The media is full of articles stating that Iraq war movies and films (the fiction features) have not done well at the box office, but compared to the relative lack of, say, Hurricane Katrina movies, or, say, the ongoing national slaughter of the impoverished by the impoverishers movies, the growing numbers of Iraq war movies, by their very existence alone, are doing extremely well.
Far more such movies have been made now than were remotely ever made about the Vietnam war at a comparable time. And far more people see most any of these movies than see most any such documentary. But it’s no cause for celebration, far from it, because these movies are very careful not to be too “antiwar,” too revealing of the basic illegality and immorality of the US conquest of Iraq.
Of course all wars are brutalizing in their everyday and peripheral realities (true of even justifiable wars), which is about as far as any of the movies go, which typically isn’t even as far into the fundamentals as Michael Moore’s relatively circumscribed documentaries go with the various issues he examines. The central reality of the US conquest of Iraq and beyond is distorted or falsified, or goes rather studiously ignored, let alone detailed, the fact that the US has committed the supreme crime of aggression, “the supreme international crime differing only from other war crimes in that it contains within itself all the accumulated evil of the whole,” in the words of the judgment of Nuremberg. None of the dozens of Iraq war movies, shows, and novels I’m aware of renders this reality explicit and central.
I’ve seen quite a few of the movies, and read in quite a few of the novels, along with taking in reviews or articles on each. Very few of these various works of fiction even begin to approach that central framing context, and consequently they either greatly falsify or evade the crucial central reality. On those grounds, those grounds that are central to the whole calamity, the movies and novels don’t deserve a large audience, even if they do on other grounds. Until this “major and crucial point overlooked” is made clear in relation to the US role in the aggression against Iraq, as Noam Chomsky notes, “until at least this is recognized, all other discussion is merely footnotes, and shameful ones.” And that’s the shame of the Iraq war movies, and novels too; they are essentially about the “footnotes,” however monstrous, rather than the “major and crucial point overlooked.” Plus, overlooking the central point means that even the best intentioned films may more likely “act as cultural ‘softeners’ before the bombing starts again for real” (or continues without end), as John Pilger notes of films like Black Hawk Down, in “Hollywood Hurrah” (2002). Pilger adds:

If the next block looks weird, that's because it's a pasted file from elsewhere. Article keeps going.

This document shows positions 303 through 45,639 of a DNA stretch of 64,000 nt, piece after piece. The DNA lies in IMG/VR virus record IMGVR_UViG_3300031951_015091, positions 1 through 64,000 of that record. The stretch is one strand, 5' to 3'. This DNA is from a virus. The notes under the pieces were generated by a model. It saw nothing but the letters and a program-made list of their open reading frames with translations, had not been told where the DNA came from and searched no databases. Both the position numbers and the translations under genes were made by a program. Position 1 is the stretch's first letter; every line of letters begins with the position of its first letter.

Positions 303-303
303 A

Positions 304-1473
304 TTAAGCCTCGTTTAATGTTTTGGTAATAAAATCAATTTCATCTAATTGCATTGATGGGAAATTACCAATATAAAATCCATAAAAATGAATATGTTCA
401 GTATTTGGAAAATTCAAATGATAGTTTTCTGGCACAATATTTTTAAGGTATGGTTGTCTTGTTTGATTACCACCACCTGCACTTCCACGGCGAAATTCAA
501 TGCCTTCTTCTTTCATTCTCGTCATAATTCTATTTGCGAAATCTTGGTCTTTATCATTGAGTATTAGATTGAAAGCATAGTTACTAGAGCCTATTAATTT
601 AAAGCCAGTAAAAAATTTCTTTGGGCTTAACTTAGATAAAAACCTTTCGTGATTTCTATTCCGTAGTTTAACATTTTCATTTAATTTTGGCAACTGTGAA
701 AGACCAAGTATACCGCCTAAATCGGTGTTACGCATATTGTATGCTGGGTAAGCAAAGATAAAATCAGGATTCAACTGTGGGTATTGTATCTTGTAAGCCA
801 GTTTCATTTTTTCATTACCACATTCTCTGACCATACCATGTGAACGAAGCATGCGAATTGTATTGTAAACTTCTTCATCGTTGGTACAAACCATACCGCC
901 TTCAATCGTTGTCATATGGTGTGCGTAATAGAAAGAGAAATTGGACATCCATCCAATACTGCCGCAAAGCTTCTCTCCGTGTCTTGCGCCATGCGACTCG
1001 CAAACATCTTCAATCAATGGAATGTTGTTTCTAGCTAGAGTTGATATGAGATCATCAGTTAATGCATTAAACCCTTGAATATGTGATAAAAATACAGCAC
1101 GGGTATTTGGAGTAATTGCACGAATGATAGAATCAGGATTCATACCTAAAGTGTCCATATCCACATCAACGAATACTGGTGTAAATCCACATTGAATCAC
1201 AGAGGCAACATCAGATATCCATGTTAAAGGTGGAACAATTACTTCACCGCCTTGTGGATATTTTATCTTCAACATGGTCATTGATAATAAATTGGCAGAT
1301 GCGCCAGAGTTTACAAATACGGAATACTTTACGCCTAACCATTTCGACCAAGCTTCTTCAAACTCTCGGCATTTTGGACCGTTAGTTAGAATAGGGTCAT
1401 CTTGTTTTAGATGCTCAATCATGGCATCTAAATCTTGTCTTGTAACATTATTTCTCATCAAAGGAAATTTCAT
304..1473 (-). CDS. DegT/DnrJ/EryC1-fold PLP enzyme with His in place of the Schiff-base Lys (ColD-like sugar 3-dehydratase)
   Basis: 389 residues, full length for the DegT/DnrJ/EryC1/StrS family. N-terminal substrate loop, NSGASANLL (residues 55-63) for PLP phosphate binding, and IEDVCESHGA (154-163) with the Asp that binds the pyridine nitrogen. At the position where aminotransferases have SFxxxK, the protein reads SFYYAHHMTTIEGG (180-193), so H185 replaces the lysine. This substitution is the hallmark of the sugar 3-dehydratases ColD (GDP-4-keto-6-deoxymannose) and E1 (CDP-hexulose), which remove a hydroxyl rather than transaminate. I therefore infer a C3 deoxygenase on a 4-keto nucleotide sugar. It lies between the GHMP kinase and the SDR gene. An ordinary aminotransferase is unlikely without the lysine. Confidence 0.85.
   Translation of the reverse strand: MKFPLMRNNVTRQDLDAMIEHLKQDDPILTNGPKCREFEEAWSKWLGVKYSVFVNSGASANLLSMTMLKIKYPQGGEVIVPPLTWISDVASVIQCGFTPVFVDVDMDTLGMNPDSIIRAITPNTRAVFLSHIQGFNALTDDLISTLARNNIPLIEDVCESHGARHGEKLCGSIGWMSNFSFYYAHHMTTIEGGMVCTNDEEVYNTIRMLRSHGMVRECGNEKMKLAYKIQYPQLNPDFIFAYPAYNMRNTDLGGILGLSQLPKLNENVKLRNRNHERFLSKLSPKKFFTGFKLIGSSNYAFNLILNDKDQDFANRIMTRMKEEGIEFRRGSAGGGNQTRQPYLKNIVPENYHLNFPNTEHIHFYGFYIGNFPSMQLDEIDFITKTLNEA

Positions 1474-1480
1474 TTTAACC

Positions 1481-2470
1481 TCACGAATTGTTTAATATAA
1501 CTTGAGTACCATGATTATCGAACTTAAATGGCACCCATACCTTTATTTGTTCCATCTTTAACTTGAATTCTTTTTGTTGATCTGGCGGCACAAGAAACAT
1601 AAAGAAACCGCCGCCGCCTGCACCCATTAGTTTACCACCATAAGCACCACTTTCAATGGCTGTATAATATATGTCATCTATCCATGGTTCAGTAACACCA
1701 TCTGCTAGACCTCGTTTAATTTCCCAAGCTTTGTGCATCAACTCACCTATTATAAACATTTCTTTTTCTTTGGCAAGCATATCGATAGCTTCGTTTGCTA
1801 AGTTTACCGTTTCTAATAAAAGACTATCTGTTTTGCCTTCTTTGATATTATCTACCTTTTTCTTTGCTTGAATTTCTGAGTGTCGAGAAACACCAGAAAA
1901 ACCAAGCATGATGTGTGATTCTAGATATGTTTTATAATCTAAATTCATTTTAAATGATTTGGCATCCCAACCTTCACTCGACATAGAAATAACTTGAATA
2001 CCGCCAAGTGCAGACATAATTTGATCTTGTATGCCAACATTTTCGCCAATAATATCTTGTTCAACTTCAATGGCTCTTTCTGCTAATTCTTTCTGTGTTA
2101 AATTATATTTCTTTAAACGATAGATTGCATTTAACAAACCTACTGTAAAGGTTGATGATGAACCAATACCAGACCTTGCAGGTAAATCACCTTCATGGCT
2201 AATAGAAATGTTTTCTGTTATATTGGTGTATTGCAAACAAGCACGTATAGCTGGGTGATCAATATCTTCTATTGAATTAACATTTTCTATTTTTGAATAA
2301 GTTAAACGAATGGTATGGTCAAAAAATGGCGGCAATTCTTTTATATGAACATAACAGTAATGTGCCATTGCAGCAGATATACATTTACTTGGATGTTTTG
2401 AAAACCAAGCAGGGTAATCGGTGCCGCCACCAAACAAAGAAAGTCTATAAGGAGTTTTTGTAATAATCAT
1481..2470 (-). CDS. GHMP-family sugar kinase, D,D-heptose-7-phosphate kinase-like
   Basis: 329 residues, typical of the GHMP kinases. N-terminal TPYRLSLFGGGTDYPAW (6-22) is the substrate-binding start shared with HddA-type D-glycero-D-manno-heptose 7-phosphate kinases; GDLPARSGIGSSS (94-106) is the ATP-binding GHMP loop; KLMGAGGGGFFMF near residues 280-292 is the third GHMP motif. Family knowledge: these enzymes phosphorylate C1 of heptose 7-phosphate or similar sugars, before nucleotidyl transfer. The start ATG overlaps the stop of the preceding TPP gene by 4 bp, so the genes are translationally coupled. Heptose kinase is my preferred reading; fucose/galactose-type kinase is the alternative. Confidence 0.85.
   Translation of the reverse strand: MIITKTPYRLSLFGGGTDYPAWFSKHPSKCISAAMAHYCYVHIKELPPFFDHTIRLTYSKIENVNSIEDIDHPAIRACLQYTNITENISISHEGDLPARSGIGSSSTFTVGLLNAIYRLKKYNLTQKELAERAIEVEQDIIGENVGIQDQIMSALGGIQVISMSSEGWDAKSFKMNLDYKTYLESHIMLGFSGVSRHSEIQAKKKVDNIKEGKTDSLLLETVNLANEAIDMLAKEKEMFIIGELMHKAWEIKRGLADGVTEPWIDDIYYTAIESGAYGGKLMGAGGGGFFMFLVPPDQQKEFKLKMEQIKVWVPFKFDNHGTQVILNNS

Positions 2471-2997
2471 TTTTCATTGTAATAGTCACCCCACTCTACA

Even in finely crafted films like The Deer Hunter and Platoon that look as if they might break ranks, there is an implicit oath of loyalty to imperial culture. This was true of Three Kings, a movie that seemed to take issue with the Gulf war, but instead produced a familiar “bad apple” tale, exonerating the militarism that is now rampant. So dominant is Hollywood in our lives, and so collusive are its camp-following critics, that the films that ought to have been made are unmentionable. Name the mainstream movies that have shone light on to the vast shadow thrown by the American secret state, and the mayhem for which it is responsible. I can think of only a few: Costa-Gavras’s Missing, which was about the destruction of the elected government in Chile by General Pinochet’s puppet masters in Washington, and Oliver Stone’s Salvador, which made the connection between Reagan’s Washington and El Salvador’s death squads. Both these films were quirks of the system, funded with great difficulty and, in the case of Missing, dogged by vengeful court actions.
Reviewed only at Counterpunch, my novel Homefront (also the novella Glory, and the long story Washburn that complete what is essentially a three book novel) addresses the overlooked central reality. You can’t see it in the theaters. Hundreds of publishing houses and journals wouldn’t touch any part of it. If not for affordable print on demand publishing technology I doubt it would be available.
In sum, seen as a Hollywood meal ticket (make that, yacht ticket) the Iraq war movies are a commercial disappointment, while otherwise an extreme and growing success compared to their (virtually nonexistent) Vietnam war counterparts. But to call these movies a cultural success is an extreme overstatement, except as footnote.
That said, most of the films I’ve seen have some limited worthwhile qualities, even though you see the films for the relative footnotes they are, and you get the antagonizing and sometimes intolerable sense that goes along with it. Be that as it may, currently in my view three of the most worthwhile are In the Valley of Elah, Rendition, and probably the most worthwhile of all, the relatively low budget G.I. Jesus, for what it accomplishes and attempts. Even slimmer pickings exist among the novels, seems to me.